Measured by consumer prices, U.S. inflation is the highest in 40 years. Look at what Americans are actually getting for their money and the rate may be even higher, according to researchers at the University of Michigan. 

The academics publish a quarterly American Customer Satisfaction Index, which seeks to measure how happy consumers are with the goods and services they spend on. The latest edition, released earlier this week, found that there’s been a 5.2 per cent decline in quality since 2018, with the bulk of it coming in the pandemic years.

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The question of quality is an important and difficult one for statisticians trying to measure inflation. They have to account for cases where the price of a product -- a laptop computer, say -- hasn’t changed very much but its quality has improved, because technology allows faster processors and better screens. That means that in a sense, the computer is cheaper. And conversely, if the price is unchanged and the product has gotten worse, that effectively means it’s become more expensive.

The experts at the Bureau of Labor Statistics who calculate the headline U.S. inflation gauge, the consumer price index, try to incorporate a quality adjustment -- known in the jargon as “hedonic changes.” But they do it for fewer than 40 of the 273 items whose prices they monitor, or about 13 per cent of the CPI basket. 

The Michigan researchers attempt to measure quality across all the industries they track. Their latest findings “suggest that actual annualized inflation is probably about 10 per cent” if prices were “fully adjusted for quality decline,” the report says. The January CPI showed consumer prices rose 7.5 per cent from a year ago.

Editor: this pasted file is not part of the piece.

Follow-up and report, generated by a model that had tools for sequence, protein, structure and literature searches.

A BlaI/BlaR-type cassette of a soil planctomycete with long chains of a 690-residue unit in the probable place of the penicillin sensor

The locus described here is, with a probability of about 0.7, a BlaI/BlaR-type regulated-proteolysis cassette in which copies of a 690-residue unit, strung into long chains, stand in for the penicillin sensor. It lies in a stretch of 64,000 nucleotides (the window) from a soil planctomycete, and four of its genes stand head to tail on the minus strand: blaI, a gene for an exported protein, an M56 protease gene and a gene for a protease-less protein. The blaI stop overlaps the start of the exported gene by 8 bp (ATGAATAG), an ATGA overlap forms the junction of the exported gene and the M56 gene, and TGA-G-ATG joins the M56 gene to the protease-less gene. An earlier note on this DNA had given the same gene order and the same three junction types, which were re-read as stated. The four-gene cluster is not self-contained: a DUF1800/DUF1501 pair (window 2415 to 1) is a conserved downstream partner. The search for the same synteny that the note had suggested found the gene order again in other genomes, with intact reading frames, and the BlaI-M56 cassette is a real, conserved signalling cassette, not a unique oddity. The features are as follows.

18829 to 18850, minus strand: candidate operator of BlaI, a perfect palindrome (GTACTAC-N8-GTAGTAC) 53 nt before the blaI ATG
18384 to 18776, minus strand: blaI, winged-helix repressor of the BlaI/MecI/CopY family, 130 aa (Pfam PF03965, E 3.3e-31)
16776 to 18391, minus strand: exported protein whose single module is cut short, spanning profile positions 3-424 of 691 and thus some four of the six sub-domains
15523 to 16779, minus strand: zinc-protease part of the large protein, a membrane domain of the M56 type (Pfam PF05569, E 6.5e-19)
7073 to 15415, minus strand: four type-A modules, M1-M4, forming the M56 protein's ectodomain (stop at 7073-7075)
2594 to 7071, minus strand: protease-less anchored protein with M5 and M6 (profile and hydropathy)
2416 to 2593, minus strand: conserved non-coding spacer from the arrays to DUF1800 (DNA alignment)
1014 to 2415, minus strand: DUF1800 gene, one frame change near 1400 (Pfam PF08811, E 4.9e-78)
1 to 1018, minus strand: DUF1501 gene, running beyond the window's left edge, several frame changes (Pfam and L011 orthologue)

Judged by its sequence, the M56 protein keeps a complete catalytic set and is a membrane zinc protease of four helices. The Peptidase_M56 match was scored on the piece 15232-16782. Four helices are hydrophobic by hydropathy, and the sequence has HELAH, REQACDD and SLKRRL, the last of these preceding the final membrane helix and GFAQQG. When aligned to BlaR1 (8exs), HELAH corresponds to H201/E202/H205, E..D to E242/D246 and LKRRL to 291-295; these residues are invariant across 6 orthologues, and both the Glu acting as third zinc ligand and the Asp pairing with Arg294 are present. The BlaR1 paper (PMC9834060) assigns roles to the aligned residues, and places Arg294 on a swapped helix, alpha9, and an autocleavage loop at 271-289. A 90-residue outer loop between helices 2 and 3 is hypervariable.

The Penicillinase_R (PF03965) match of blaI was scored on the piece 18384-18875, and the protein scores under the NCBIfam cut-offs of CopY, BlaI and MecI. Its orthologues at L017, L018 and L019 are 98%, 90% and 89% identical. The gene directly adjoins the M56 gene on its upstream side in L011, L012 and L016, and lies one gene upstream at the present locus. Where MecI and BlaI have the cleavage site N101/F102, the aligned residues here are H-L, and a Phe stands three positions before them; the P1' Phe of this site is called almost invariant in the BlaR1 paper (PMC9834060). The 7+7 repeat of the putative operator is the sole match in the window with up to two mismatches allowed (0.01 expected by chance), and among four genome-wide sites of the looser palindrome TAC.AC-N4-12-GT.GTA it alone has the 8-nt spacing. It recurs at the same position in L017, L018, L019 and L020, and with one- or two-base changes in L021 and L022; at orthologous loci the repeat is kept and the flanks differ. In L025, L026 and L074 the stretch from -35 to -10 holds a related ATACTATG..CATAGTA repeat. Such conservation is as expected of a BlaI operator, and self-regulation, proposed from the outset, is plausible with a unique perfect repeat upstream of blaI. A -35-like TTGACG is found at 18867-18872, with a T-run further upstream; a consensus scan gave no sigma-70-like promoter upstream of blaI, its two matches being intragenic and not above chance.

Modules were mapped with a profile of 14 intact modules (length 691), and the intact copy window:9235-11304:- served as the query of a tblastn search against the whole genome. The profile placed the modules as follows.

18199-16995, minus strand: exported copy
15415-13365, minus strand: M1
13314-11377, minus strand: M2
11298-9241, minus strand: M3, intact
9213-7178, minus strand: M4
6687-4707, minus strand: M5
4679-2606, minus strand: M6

The dropoff in satisfaction is “most pronounced in services,” says Claes Fornell, founder of the ACSI and a professor emeritus of business administration at the University of Michigan. “Due to the pandemic, the problem has been amplified by a lack of product availability, supply issues and labor shortages.”

The ACSI report highlights a few examples of COVID effects. It found that some of the worst declines in quality came in consumer electronics, hit by supply-chain issues; at hotels, where a lack of workers means nightly room-cleaning is no longer available in some cases; and in video streaming, where system overloads occurred because more people were stuck at home trying to watch the same shows all at once.  

One caveat to the ACSI: The index is based on surveys, making it a sentiment gauge of perceived quality. The respondents’ opinions are more loosely defined than the specific characteristics associated with each item that the Bureau of Labor Statistics tracks for prices.

How people feel about a product or service may be reflected by their own personal experience with dealing with a company than in how quality has changed.